Washington

Border Patrol arrests Canadian accused of smuggling undocumented immigrants from India into U.S.

Rachel Alexander and Nina Culver

The Spokesman-Review

U.S. Border Patrol agents arrested a Canadian citizen earlier this month who is accused of smuggling five undocumented immigrants from India into the country.

The five crossed the border near Molson, Washington, on Feb. 8 and were picked up in a van driven by Canadian Mohammed Khan, said James Frackelton, spokesman for the Border Patrol Spokane Sector. They were found on 9 Mile Road, which runs close to the border.

Steve Hormel, an immigration attorney representing the group from India, said they were from Gujarat, India’s westernmost state and the home of Mohandas Gandhi. At a bail hearing before a judge, the group said they intended to file for asylum in the U.S, though Hormel said he did not know the details of their claim.

Finding a translator for the group who spoke Gujarati was difficult, Hormel said.

Khan had crossed into the U.S. the day before, telling border agents that he was coming to the country to visit residents, Frackelton said. “He lied to come in, essentially,” he said.

Typically illegal immigrants cross the border on foot and meet with someone at a pre-arranged location who drives them into the country, said Frackelton, who noted that Tonasket is a long walk from the border.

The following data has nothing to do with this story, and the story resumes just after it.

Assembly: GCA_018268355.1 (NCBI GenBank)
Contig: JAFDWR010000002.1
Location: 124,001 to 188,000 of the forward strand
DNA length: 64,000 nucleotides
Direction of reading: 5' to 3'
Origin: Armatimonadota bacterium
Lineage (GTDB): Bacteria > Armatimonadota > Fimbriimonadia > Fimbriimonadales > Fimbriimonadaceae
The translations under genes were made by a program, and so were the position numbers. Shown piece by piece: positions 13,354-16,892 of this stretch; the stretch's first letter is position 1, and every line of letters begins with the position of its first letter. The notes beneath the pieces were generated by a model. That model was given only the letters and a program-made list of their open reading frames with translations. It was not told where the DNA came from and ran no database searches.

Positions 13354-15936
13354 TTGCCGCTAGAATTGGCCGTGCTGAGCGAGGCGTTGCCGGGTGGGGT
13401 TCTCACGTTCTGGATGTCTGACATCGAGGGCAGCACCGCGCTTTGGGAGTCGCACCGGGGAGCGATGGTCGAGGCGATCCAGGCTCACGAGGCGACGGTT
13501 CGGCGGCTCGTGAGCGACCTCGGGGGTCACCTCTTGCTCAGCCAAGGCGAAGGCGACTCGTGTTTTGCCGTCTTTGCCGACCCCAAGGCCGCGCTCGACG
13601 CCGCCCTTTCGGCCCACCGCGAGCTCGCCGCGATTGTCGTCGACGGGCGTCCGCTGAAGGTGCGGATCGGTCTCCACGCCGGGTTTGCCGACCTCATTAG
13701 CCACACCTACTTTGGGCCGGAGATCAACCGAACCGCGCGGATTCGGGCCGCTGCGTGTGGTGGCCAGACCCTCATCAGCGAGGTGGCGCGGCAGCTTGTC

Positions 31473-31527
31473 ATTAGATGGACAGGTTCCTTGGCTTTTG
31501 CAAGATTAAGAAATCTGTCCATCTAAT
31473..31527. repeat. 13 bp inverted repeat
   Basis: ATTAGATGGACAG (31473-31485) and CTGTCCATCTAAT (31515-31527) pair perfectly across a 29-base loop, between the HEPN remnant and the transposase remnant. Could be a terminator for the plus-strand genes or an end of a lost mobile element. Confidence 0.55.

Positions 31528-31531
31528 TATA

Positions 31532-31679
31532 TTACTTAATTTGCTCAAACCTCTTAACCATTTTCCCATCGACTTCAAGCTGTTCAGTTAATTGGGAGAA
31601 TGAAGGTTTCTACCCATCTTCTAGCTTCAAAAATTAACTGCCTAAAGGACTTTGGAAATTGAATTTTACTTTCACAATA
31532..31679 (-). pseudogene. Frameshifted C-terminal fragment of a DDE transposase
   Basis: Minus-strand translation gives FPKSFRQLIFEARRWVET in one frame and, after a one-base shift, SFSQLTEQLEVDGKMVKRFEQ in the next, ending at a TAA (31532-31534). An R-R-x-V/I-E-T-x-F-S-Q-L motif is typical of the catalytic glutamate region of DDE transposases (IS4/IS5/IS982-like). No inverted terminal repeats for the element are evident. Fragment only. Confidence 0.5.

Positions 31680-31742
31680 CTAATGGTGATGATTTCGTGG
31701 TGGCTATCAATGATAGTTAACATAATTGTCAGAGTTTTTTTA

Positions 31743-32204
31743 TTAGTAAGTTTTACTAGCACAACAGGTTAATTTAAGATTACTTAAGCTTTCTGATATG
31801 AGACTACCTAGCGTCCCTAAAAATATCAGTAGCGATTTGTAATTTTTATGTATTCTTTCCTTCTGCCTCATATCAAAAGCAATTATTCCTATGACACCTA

Detaining large groups of illegal immigrants near the U.S.-Canada border in that area isn’t very common, Frackelton said.

“We do pretty much catch mostly dope,” he said. “We do catch folks, but this is a significant group.”

The five Indians will appear before an immigration judge who will determine if they can stay in the United States. If they’re approved for asylum, they'll be allowed to remain and typically given a path to permanent residency.

Hormel said lawyers are trying to find housing for the group so they can be released from the Spokane County Jail pending their hearing. If their asylum claim is denied, they could be charged with illegally entering the U.S., a petty offense.

In 2014, 2,277 Indians applied for asylum in the U.S. Just 372 had their claims approved, according to Justice Department statistics, while 293 were denied and others are still pending or were abandoned.

The number of Indians applying for asylum has increased nearly every year since 2010, when just 731 Indians applied. The reasons for that increase are debated, though a number of Indians stopped on the U.S.-Mexico border have said they are Sikhs being persecuted by India’s Hindu majority.

Khan is being charged with alien smuggling and will be deported as a felon if he is convicted, Frackelton said.

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